32. The Honk and Holler Opening Soon, Billie Letts – Fair to middlin’. Reminded me a lot of the movie The Spitfire Grill. All about how people who are lost center on this crappy diner and become a family, only without the tragedy. A nice light read, without any real drama. I never got a great feel for any of the characters, though I suppose they were significantly “quirky”. Just not a book I felt a great deal about.
33. The Timeships, Stephen Baxter – Very fun “sequel” to The Time Machine by H.G. Wells. We pick up where that left off, as the protagonist tries to go back to the future to save his “poor Weena” from the Morlocks. What he discovers, however, is that his jumping about in time has created a Multiplicity of universes (yay for good science and an update on time traveling with new theories of quantum physics!). Overall, the book was very fun, a very good look at physics, at humanism, at evolution, and just a good adventure/sci-fi read.
34. Harry Potter and the Half-Blood Prince, Rowling – Loved it, just as I always do. Rowling has this great ability to keep a story interesting, jam-packed and moving swiftly, all the while developing complex characters that you can’t help but feel for. The ending killed me, both for the major event that happened, and for the cliffhanger to the 7th and final book on the series. Now I must go back and reread the first five…
35. Watermelon, Marian Keyes – I read this because a friend recommended it as a funny, light read. The jacket summarized it as a woman is left by her sh*t of a husband 5 minutes after their daughter is born, so she goes back to Ireland, surrounded by a zany family and has lots of adventures. I thought the bulk of the book would take place long after she gets to Ireland, like it’s years later, maybe. I was mistaken. We have to go through her husband leaving, her post-natal depression, her insecurity, her bitchiness, her falling in love with some new guy, totally neglecting her child…and then to deal with her sh*t of a husband all over again. Throughout she is not so much funny as a whiny, neurotic, insecure bitch. I wouldn’t recommend this book to anyone. Ever.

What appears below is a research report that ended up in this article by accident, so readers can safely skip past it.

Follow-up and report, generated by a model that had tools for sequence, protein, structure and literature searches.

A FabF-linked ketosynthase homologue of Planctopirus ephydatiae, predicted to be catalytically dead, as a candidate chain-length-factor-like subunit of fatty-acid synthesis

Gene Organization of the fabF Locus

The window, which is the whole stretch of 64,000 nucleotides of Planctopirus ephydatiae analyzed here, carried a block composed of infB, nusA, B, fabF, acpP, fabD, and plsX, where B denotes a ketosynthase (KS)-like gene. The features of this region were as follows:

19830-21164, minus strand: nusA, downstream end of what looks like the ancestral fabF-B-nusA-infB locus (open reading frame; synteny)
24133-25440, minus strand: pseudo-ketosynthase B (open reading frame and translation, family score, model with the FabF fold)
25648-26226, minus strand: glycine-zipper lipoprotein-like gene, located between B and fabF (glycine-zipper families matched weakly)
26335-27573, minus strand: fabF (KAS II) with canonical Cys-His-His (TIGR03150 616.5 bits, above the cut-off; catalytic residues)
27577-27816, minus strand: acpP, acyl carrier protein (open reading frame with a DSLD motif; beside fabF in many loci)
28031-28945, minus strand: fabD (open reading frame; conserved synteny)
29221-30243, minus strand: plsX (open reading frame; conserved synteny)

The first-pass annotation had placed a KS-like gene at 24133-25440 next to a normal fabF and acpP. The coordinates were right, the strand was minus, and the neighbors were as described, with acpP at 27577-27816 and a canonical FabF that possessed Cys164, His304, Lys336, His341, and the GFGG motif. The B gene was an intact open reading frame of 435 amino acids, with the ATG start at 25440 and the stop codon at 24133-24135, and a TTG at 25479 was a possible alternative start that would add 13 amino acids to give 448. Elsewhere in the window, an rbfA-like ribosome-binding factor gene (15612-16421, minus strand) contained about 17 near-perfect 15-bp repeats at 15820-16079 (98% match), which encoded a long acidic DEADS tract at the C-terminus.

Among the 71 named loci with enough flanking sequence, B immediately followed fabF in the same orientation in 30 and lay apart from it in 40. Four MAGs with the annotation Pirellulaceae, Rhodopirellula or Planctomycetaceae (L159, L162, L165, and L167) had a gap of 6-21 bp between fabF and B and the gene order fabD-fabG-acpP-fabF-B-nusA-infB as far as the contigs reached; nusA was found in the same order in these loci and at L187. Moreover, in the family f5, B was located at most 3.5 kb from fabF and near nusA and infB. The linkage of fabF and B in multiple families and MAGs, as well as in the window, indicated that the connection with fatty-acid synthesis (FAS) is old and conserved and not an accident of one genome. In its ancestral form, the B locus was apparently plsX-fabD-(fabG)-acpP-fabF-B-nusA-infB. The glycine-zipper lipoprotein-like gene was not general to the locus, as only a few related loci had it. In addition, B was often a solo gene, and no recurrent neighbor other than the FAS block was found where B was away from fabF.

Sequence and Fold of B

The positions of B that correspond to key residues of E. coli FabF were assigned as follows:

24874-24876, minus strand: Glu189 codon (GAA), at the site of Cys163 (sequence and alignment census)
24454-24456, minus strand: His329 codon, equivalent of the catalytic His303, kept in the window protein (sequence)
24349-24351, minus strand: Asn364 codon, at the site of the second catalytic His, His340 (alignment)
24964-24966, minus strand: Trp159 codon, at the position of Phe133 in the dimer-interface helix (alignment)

36. High Maintenance, Jennifer Belle – Again, supposedly a light, funny read. Like the last book, it wasn’t so much funny as it was like watching a child fall down. The book is about a woman who can only be described as a NY socialite simpleton. She spends 8 days in college to find herself a rich older man who marries her and treats her just like her rich father did. 7 years later, he cheats her and she leaves, very stupidly noble because she doesn’t want anything from him. She has no education, no skills, no money. She lives in a tenement and gets a job first as a reader to a blind judge (who she steals from), then becomes a real estate agent working for a he/she lesbian who falls in love with her. She also begins to date a certified psychopath who bites her ear off – but she’s in love with him. Aw. Not funny. Just stupid.
37. Harry Potter and the Goblet of Fire, Rowling – decided to go back and read books 4 & 5 since I can’t remember a damn thing from them (I’d read 1-3 in preparation for the release of the Prisoner of Azkaban film). Amazing how much I’d forgotten. I wish I’d read them again before 6 came out – more stuff would have been clearer. Oh well, gives me an excuse to read them again.
38. Harry Potter and the Order of the Phoenix, Rowling
39. His Dark Materials: Book One, Pullman – Recommended to me by a friend, I picked this up because it looked like a fun fantasy read. It’s got some really great concepts, but for some reason I just couldn’t get very into it. The protagonist is a young orphaned girl, somewhat like a Skywalker character. I just wasn’t pulled into her character at all, and she’s the only one the reader is presented with to sympathize with. I just didn’t get emotionally attached, so didn’t really care too much what happened to her. Unlikely I’ll read the rest of the trilogy.